Cologne researchers find the connection between obesity and tumor growth
According to the World Health Organization’s International Agency for Research on Cancer, colorectal cancer is the third most common cancer type in men and the second most common in women. Eight out of top ten countries in the world with the highest rates of incidence of colorectal cancer are EU countries.
Diet and lifestyle habits, in particular, play a fundamental role, as overweight people are at an increased risk of developing cancer. Scientists from the Max Planck Institute for Metabolism Research in Cologne have now uncovered the links between these two diseases and provide new therapeutic approaches for the prevention of obesity-associated cancers.
"If the body has to store more and more excess fat, it causes a stress response in the adipose tissue," explains research group leader Dr. Thomas Wunderlich. This stress response alerts the body's immune system, which in turn triggers inflammation in adipose tissue.
Chronic obesity puts the body under constant stress and inflammatory signals spread throughout the body. This ultimately leads to a reprogramming of immune cells, changing their function from cancer-fighting to tumor-promoting.
These new molecular-biological findings were recently published in the scientific journal Nature Communications. First author Claudia Wunderlich, who performed the majority of the studies, said: "Just because you're overweight does not mean you will immediately develop cancer. But when abnormal cells are present in the body, obesity can favour tumor growth.”
Not only does this study provide evidence on how obesity and colorectal cancer are related, but also additional encouraging findings. "Using mouse models, we were able to identify specific targets for possible therapeutic approaches in humans," explains Claudia Wunderlich.
The researchers already have promising results for reducing the risk of disease in obese mice. To do this, they either eliminated specific immune cell populations, or they genetically altered the animals so that certain immune cells could not be reprogrammed in the presence of a high-fat diet. In both cases, the inflammatory response was attenuated, abnormal cells were targeted for removal and the overall development of colon cancer was reduced.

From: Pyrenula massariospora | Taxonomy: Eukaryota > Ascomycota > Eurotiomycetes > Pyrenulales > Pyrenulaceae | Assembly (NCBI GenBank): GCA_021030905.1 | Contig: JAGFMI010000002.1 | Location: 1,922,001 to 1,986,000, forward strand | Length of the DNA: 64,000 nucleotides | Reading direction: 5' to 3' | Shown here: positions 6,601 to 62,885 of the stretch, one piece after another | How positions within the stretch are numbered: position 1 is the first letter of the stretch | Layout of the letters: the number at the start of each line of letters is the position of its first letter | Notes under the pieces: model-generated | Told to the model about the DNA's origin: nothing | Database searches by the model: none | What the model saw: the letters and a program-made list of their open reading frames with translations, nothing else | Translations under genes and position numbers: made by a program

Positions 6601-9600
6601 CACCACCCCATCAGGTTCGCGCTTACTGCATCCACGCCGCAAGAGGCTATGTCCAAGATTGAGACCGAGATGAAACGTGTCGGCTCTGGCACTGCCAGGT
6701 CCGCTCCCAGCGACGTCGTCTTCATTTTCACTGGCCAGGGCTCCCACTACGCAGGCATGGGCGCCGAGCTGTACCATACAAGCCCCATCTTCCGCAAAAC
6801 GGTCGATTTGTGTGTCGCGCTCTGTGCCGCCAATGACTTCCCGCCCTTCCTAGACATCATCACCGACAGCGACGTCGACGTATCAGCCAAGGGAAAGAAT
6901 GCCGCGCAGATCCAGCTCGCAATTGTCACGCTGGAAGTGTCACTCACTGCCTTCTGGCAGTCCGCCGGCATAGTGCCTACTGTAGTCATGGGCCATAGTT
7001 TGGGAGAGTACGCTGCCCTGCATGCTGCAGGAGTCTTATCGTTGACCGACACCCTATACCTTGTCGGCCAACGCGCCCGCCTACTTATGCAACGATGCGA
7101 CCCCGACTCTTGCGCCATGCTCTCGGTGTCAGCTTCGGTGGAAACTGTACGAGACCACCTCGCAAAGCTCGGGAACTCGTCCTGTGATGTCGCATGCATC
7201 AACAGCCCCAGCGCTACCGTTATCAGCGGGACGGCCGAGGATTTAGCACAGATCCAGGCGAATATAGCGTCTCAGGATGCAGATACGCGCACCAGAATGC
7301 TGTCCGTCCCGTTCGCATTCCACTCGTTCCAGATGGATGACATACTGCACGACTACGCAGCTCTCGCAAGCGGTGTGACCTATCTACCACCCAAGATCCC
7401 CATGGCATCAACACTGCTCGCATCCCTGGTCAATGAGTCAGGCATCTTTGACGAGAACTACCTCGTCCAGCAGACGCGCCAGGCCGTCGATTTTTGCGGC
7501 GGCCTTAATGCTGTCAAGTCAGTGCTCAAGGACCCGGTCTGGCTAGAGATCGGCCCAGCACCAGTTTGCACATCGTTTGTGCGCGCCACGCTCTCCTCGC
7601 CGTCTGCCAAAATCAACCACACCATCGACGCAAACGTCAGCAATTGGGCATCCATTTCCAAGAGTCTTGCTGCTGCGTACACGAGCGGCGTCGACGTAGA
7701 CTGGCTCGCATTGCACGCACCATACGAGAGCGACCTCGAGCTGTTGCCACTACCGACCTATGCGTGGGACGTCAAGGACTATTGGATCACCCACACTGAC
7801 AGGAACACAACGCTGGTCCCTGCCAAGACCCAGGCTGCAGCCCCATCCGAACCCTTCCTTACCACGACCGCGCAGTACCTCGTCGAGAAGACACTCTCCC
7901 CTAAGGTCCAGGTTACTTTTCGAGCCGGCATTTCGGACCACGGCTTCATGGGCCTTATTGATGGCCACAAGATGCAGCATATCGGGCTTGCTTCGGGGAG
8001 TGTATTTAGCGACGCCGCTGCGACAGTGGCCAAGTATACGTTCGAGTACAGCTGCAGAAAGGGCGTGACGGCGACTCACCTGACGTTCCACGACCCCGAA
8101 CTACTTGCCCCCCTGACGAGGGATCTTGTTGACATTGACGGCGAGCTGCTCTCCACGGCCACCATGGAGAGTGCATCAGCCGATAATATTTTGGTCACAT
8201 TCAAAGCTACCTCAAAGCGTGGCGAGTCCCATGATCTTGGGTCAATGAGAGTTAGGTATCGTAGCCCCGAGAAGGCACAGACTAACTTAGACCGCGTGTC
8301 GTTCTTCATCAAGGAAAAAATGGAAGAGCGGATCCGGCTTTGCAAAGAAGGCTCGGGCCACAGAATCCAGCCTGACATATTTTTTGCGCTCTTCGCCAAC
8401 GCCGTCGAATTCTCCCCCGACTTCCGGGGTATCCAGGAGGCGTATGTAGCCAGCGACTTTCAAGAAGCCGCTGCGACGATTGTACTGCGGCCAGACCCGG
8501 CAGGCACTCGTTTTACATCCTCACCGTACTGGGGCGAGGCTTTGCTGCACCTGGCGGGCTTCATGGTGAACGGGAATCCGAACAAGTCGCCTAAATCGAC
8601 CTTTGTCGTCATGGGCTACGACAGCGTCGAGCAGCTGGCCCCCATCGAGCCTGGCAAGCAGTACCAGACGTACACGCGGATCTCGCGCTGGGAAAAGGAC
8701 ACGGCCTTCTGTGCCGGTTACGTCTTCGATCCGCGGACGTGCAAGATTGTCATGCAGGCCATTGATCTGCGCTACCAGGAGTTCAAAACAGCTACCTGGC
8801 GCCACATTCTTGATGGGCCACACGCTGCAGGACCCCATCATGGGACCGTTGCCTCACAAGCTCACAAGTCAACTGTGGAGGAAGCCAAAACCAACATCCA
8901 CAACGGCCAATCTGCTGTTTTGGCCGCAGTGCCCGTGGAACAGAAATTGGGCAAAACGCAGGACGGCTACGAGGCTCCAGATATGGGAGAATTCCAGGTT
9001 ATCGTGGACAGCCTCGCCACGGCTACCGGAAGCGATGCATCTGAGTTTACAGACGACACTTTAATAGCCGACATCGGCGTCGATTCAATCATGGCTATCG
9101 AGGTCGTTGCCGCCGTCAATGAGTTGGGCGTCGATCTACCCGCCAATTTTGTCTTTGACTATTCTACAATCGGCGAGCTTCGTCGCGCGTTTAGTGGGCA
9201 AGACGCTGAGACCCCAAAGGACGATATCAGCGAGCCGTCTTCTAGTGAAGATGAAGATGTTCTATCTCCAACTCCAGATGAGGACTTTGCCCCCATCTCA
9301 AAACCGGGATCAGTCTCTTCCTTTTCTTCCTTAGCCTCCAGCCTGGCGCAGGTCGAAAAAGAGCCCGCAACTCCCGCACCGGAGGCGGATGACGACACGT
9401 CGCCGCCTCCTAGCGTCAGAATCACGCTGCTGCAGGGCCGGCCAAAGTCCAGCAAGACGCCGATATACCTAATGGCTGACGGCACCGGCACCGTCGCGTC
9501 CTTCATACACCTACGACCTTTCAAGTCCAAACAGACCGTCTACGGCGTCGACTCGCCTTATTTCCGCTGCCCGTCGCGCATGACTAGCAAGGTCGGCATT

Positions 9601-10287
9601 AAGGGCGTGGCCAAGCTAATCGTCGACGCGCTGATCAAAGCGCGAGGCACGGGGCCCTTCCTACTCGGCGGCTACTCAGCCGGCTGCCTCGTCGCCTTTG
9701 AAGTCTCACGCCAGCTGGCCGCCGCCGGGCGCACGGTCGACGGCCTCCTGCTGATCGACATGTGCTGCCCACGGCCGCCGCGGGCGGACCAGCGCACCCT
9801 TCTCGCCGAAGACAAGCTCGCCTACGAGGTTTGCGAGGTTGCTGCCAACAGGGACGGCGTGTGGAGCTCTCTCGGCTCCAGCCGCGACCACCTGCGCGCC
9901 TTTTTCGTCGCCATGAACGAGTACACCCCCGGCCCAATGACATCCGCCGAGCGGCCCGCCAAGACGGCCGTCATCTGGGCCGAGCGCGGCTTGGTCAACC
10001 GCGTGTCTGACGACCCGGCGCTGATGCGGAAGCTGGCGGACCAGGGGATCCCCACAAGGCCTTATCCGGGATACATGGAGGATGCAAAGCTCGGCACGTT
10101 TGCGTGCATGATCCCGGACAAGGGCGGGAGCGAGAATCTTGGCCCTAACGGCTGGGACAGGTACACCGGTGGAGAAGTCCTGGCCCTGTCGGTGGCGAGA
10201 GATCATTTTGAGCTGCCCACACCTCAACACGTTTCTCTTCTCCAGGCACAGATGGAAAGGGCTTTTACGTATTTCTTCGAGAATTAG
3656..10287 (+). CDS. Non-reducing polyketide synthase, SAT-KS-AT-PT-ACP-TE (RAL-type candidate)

Dr. Thomas Wunderlich
Max Planck Institute for Metabolism Research, Cologne
+49 221 47260 678
Claudia M. Wunderlich, P. Justus Ackermann, Anna Lena Ostermann, Petra Adams-Quack, Merly C. Vogt, My-Ly Tran, Alexei Nikolajev, Ari Waisman, Christoph Garbers, Sebastian Theurich, Jan Mauer, Nadine Hövelmeyer, F. Thomas Wunderlich.
Obesity exacerbates colitis-associated cancer via IL-6-regulated macrophage polarisation and CCL-20/CCR-6-mediated lymphocyte recruitment.
Nature Communications, 2018.
Dr. Annegret Burkert | Max-Planck-Institut für Stoffwechselforschung
Molecular motors run in unison in a metal-organic framework
20.03.2019 | University of Groningen
Active substance from plant slows down aggressive eye cancer
20.03.2019 | Rheinische Friedrich-Wilhelms-Universität Bonn
Due to the special arrangement of its molecules, a new coating made of corn starch is able to repair small scratches by itself through heat: The cross-linking via ring-shaped molecules makes the material mobile, so that it compensates for the scratches and these disappear again.
Superficial micro-scratches on the car body or on other high-gloss surfaces are harmless, but annoying. Especially in the luxury segment such surfaces are...
The Potsdam Echelle Polarimetric and Spectroscopic Instrument (PEPSI) at the Large Binocular Telescope (LBT) in Arizona released its first image of the surface magnetic field of another star. In a paper in the European journal Astronomy & Astrophysics, the PEPSI team presents a Zeeman- Doppler-Image of the surface of the magnetically active star II Pegasi.
A special technique allows astronomers to resolve the surfaces of faraway stars. Those are otherwise only seen as point sources, even in the largest telescopes...
Researchers at Chalmers University of Technology and the University of Gothenburg, Sweden, have proposed a way to create a completely new source of radiation. Ultra-intense light pulses consist of the motion of a single wave and can be described as a tsunami of light. The strong wave can be used to study interactions between matter and light in a unique way. Their research is now published in the scientific journal Physical Review Letters.
"This source of radiation lets us look at reality through a new angle - it is like twisting a mirror and discovering something completely different," says...
New research group at the University of Jena combines theory and experiment to demonstrate for the first time certain physical processes in a quantum vacuum
For most people, a vacuum is an empty space. Quantum physics, on the other hand, assumes that even in this lowest-energy state, particles and antiparticles...
Physicists in the EPic Lab at University of Sussex make crucial development in global race to develop a portable atomic clock
Scientists in the Emergent Photonics Lab (EPic Lab) at the University of Sussex have made a breakthrough to a crucial element of an atomic clock - devices...
11.03.2019 | Event News
01.03.2019 | Event News
28.02.2019 | Event News
20.03.2019 | Life Sciences
20.03.2019 | Life Sciences
20.03.2019 | Trade Fair News